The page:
Wednesday, September 08, 2010

Bill Johnston Keynote at CKVI

Reporting from the #ckvi Creating Knowledge VI Conference being held in Bergen, Norway, 8-10 September, The final keynote speaker this morning was Bill Johnston (pictured): (abstract are at and biography here).
Bill Johnston (Centre for Academic Practice and Learning Enhancement, University of Strathclyde) talked on Imagining the information literate university He started by identifying the very broad diversity existing in universities now and then looking at the broad purpose of higher education, quoting Jan Vermunt, who said it was "... to prepare students for lifelong, self-regulated, cooperative and lifelong learning." This involved academics moving from being lecturers to being course designers. He presented the Information Literate University as being an agenda for change in a university: the process of change has been slow in the past and although it still can't be instant it still needs to speed up. He quoted the definition of information literacy that he and I developed (it is on the top right of this blog so I won't re-quote it here!).
In the 21st century there are characteristics of a new information culture (e.g. mobile connectivity, diverse experience of media and the tension between corporate news (what appears in the mass media) and the collective news (in blogs, twitter etc.). He identified how essential understanding of information culture was nowadays: this required broader and more liberal education.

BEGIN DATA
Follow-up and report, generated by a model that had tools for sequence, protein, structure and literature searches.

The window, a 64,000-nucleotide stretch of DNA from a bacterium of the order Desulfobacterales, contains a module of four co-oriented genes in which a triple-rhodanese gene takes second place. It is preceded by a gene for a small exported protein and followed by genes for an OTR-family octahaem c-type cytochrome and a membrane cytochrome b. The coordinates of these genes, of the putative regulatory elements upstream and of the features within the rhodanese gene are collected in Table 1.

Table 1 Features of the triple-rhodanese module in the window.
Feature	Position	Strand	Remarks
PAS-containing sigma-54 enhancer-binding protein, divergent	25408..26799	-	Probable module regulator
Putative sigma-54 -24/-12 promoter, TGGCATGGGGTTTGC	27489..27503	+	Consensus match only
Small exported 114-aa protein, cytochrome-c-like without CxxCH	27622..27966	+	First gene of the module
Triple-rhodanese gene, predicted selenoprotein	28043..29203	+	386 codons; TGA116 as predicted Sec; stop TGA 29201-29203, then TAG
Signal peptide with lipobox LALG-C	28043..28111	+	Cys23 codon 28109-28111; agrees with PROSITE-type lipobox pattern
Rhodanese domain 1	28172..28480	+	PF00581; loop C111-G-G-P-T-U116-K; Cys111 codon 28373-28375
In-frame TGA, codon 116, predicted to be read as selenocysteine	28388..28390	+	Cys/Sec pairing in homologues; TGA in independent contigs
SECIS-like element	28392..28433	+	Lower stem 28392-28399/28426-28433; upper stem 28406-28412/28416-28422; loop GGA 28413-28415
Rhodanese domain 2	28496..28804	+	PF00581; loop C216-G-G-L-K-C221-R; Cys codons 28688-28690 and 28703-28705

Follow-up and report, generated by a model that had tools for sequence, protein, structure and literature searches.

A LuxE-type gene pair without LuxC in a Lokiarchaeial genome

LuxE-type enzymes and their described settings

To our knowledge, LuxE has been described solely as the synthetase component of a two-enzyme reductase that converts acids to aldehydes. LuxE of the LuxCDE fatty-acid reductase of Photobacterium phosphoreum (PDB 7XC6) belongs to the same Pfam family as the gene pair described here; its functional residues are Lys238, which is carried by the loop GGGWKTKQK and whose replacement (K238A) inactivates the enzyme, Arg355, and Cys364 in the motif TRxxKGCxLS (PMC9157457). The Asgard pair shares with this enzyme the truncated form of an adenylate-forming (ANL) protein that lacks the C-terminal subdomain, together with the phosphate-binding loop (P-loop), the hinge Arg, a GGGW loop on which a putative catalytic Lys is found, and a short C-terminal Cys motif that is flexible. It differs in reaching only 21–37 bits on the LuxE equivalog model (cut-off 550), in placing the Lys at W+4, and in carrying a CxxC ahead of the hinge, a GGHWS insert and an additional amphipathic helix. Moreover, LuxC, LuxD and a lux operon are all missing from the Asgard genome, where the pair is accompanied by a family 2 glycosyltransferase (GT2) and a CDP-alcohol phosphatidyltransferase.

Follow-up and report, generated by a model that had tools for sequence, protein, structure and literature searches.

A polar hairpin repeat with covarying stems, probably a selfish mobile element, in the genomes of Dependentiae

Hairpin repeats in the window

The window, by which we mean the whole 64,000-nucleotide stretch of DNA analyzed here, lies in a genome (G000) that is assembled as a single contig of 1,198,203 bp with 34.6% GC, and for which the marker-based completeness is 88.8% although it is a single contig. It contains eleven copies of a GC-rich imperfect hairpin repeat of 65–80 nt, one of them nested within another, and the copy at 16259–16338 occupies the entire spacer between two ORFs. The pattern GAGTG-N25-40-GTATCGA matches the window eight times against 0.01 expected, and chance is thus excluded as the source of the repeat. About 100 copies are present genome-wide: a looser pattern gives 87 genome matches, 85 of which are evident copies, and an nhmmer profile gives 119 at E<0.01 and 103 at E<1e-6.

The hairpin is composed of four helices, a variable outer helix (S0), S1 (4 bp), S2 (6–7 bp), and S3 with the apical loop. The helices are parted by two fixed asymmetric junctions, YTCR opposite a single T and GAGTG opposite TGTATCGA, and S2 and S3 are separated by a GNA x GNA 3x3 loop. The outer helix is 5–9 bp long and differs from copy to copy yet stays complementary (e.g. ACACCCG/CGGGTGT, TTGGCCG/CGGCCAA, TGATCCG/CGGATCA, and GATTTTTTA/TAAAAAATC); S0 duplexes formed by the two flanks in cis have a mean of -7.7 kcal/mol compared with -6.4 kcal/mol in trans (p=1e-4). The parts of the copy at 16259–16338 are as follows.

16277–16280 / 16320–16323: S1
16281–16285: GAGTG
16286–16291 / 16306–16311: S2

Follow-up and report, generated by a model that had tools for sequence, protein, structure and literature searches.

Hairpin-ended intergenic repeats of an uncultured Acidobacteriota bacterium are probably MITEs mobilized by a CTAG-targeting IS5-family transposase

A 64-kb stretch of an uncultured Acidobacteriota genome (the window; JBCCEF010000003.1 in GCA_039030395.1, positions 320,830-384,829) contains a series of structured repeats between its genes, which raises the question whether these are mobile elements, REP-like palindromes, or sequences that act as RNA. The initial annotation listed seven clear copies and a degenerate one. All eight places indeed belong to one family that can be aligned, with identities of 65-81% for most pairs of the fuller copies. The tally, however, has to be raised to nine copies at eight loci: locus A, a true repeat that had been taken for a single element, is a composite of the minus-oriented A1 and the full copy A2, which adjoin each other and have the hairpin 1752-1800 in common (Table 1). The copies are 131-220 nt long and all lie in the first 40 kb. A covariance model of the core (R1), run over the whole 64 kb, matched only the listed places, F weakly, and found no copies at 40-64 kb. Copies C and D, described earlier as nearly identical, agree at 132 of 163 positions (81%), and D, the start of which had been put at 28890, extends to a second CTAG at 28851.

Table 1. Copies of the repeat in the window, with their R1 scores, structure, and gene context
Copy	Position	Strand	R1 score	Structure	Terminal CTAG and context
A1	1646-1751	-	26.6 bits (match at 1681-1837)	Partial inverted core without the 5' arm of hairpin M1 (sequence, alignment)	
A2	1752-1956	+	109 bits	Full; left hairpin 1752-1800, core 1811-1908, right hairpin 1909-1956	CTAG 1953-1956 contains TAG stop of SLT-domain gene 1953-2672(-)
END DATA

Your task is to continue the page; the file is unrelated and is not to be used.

He identified the importance of this information culture in the university and put forward a model for curriculum design. In terms of curriculum renewal, it was important to think about the "end state" (i.e. a graduate in an information culture). To achieve this, Bill identified six areas that needed to be addressed: learning process; learners (e.g. they need to be disposed to learn & engaged); Designs for learning; Contexts for learning; Complex thinking; and applications for learning. As part of this, students should spend more time (for example) engaged in meaningful tasks, and analysing and applying information collaboratively and creatively.

All this requires quite radical renewal of the curriculum and the institution. Forces for renewal include the university's strategic plans, quality evaluation, information literacy (Including theoretically informed case studies), and the involvement of both educational developers and Human Resource Management (since you have to rethink what kind of faculty you recruit).
He finished with the model of an Information Literate University (which he and I developed some years ago and which is pictured on the right, click on the thumbnail to see a larger picture).

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